Celebration within a celebration

It was indeed a momentous anniversary for the local Knights of Columbus organization as they celebrated its 50th Oktoberfest on Saturday. In addition to the traditional German food they’ve provided for five decades, they had beer steins available for purchase, a free dance at their Eighth Street hall, and other golden anniversary events. Oktoberfest joined Downtown Vision’s FallFest 13 years ago and has been a staple of the event every year since.

For Leigh Kepley, owner of Little Britches, 320 N. Main St., FallFest presents a lively occasion to recognize her years in retail sales as she runs an anniversary sale throughout the week prior to the Downtown event.

“We are usually pretty busy on FallFest Saturday as ladies use the downtown event to take time to check out the new fall lineup of clothing, shoes and accessories,” Kepley said. “We use it to thank our customers for their continued support and to introduce new lines of merchandise and accessories. We all have just a great time throughout the day.”

Jeff Schaefer from Brown’s Shoe Fit said his store sees a good uptick from the event as it signals to many folks that fall and winter are just around the corner and it’s time for new shoes. Schafer, who is also a Downtown Vision board member, said the organization continues to grow the event. Proceeds are applied toward new light pole banners, more Main Street trash receptacles and other beautification projects.

Customer exposure

For vendors like Ryan Klaus, partner in Klaus Wood Pellets/Traeger Grills, Robert DeLeon, executive director of the not-for-profit CASA (Court-appointed Special Advocates), and Rebecca Bowling with Smoky Hills Vineyards and Winery, Salina, FallFest is a great economical way to access a wide group of potential customers and volunteers within a relatively short amount of time.

“For us, it’s wonderful to get out in front of a wider cross-section of community members to explain what CASA does, what it entails and the need for both volunteers and financial support,” DeLeon said. “And since FallFest draws from all over southwest Kansas and beyond, we get to speak with a lot of people about our advocacy work in a very fun and busy event.”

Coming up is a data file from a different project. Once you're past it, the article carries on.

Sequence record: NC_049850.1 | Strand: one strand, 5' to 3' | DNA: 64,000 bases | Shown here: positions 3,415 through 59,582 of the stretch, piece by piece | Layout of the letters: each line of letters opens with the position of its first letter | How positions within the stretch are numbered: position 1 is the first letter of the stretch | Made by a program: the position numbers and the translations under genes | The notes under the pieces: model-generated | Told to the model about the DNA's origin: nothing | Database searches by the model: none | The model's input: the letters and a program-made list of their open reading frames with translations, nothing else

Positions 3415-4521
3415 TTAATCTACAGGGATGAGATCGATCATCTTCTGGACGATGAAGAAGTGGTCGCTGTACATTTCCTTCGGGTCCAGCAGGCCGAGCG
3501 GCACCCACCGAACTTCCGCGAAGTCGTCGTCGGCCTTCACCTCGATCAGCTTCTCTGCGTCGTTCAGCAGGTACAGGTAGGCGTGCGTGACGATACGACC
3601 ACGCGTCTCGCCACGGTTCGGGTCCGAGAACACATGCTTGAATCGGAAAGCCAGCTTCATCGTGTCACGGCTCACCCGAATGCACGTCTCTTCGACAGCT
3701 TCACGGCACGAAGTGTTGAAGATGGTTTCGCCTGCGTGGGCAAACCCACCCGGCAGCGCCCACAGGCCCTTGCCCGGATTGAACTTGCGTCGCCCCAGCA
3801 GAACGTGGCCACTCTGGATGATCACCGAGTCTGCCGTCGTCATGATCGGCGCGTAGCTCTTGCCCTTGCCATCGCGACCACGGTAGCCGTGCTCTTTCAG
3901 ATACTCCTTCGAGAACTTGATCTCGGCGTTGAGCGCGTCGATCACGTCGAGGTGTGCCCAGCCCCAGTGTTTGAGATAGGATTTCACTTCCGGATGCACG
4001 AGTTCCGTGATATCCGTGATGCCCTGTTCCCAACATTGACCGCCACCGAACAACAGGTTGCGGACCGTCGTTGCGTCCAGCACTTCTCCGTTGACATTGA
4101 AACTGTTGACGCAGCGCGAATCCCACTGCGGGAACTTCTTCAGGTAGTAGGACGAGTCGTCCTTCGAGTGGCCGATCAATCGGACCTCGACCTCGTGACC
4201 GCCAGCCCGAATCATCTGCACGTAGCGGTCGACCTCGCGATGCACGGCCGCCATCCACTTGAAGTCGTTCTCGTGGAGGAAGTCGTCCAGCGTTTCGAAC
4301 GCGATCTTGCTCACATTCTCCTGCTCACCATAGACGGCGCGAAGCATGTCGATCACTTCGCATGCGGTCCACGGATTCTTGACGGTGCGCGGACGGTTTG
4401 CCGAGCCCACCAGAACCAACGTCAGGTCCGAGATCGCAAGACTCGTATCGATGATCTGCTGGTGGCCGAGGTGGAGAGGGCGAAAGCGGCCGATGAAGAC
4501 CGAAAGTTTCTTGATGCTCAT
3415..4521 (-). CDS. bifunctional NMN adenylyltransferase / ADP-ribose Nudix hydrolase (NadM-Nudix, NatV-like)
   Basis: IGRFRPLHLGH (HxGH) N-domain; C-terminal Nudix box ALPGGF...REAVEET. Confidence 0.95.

Klaus, who has been attending FallFest with his work with the Knights of Columbus Oktoberfest, is now readying his new Traeger grill and supplies store to open in early October. He and his partners, Paul Chmielewski and Kenny Coons, were busy on Saturday handing out samples of grilled pork roast with a variety of seasonings and rubs in front of his new location, 401 N. Main St.

Smoky Hills Vineyards attended FallFest in 2017 and had a good response to its presence, making it an easy decision to come back this year.

“Our wine products are regularly featured in most local and area liquor stores that people can sample one of our wines at FallFest and be able to find it at their local package goods store. We have a nice fan base here,” Bowling said.

Little quack, big quack

Buck-A-Duck races for kids, sponsored by Golden Plains Credit Union, and the Western Motors Nasduck 500 races both drew crowds that enjoyed the fun yellow floaters competition throughout the late morning and early afternoon. Winners of the Buck-A-Duck heats were awarded $5, and the winner-takes-all Nasduck took home $1,000.

“It was a very successful event this year, and we plan to continue to make it even better next year,”  Crane said of her first FallFest. “Someone said it wouldn’t quite be a change in seasons without FallFest, so plans are now to escort autumn in with an even better downtown event.”